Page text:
Tag Archives: writing

One Year Since Launching Bones in the Wash

I hosted a book launch a year ago today in Berkeley for Bones in the Wash: Politics is Tough. Family is Tougher.

My first book, my first launch. Pretty exciting. And nerve-wracking.

bones launch flyer
More than 50 people showed up—standing room only—and though most were friends and family, there were a few strangers in the mix, which was heartening. (It helped that the Mo’ Joe Café, where we did the launch, was a block from where I lived for 25 years and walking distance for a bunch of my friends.)

My friend Bob Schildgen, author of Hey Mr. Green, served as M.C. and read a passage. My wife Nanette and my son Sean also read excerpts. I delivered a brief intro about how I came to write the book, read a few pages, and answered questions.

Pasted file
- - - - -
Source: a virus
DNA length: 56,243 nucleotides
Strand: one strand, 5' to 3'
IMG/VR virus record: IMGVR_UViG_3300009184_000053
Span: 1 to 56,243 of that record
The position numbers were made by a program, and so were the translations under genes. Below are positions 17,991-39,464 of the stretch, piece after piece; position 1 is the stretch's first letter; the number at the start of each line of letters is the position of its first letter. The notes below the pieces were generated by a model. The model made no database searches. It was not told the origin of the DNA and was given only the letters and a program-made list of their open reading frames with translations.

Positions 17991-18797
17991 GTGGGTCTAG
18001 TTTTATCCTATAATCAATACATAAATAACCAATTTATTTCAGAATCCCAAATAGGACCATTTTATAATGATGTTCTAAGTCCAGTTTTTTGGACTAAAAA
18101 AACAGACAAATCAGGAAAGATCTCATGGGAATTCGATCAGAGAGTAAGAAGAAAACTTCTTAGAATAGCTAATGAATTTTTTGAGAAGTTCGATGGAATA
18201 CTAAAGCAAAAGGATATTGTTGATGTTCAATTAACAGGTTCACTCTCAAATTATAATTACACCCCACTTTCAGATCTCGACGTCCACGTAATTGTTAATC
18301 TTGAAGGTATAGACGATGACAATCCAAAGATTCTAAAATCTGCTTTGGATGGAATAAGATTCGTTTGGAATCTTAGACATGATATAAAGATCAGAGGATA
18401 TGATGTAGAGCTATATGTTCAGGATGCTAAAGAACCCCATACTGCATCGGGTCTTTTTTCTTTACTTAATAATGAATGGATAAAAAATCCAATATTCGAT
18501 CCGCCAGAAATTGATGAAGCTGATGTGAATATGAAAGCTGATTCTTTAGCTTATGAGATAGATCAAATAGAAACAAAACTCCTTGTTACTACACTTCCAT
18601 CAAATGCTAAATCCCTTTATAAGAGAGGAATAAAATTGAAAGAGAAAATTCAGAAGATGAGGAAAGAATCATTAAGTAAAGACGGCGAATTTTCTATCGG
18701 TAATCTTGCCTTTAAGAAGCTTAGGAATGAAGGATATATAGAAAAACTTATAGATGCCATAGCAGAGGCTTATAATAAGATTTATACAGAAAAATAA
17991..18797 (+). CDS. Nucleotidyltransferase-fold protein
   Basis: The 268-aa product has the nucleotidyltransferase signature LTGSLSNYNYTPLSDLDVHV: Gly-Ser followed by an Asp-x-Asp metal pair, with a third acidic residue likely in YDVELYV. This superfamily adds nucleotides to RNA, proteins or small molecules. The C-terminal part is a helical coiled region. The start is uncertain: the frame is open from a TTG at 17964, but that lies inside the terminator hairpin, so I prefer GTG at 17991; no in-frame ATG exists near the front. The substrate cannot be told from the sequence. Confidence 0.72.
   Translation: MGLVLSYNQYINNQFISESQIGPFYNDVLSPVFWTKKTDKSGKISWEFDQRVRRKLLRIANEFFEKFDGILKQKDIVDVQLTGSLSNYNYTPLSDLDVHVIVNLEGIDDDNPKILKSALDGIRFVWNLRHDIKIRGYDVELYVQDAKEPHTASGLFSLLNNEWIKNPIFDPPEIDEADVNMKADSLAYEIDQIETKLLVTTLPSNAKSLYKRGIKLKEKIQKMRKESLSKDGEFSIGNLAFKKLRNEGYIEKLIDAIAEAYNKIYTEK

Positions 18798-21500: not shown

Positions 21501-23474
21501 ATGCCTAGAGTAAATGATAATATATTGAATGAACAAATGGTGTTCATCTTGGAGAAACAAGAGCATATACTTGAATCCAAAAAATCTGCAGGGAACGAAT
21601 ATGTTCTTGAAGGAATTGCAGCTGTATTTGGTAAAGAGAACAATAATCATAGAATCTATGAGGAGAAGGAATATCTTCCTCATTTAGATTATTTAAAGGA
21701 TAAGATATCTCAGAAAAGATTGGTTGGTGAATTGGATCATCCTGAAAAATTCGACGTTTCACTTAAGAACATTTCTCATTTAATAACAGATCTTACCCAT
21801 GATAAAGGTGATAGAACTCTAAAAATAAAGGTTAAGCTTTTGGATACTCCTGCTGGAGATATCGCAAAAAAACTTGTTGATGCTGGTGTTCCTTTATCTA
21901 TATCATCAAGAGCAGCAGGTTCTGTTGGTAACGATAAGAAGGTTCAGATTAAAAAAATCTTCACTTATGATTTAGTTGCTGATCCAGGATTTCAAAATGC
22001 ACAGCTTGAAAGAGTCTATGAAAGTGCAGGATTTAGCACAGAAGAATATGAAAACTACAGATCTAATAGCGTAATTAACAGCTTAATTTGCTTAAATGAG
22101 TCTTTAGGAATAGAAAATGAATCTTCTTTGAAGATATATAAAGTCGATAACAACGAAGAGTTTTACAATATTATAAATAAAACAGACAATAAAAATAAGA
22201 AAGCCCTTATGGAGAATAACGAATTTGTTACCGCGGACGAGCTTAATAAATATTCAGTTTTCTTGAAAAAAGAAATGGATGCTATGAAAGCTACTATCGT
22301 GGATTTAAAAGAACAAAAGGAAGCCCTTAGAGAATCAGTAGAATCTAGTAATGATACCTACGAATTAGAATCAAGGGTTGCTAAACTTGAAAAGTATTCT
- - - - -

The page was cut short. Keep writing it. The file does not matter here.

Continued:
I was thrilled with how well it went—it felt like a smash success. (Scroll down to see some photos.)

I even ran out of books to sell. I sold 22 books, including the one I was reading from, which had a couple of pencil marks. (I thought I would be tempting the fates if I came to the launch with too many books.)

That book launch was my single best day for selling the book, but sales since have been disappointing. A year later, despite continuing to get positive response and reviews, I can sometimes go a month without selling a book. I did a better job writing my novel than I have marketing it, but I believe that even if I were a marketing superstar, it would be an uphill climb.

I expected that marketing my self-published first novel would be hard, and I was right about that. I thought, however, that I had managed my expectations pretty well. Looking back, even my modest projections seem overly ambitious.

The actual publishing wasn’t too hard—I mean, other than rewriting the book a dozen-plus times and incorporating suggestions and corrections from many readers and editors. Getting the book formatted for Kindle and trade paperback took at least a month, and a lot of careful proofreading, but it was straightforward.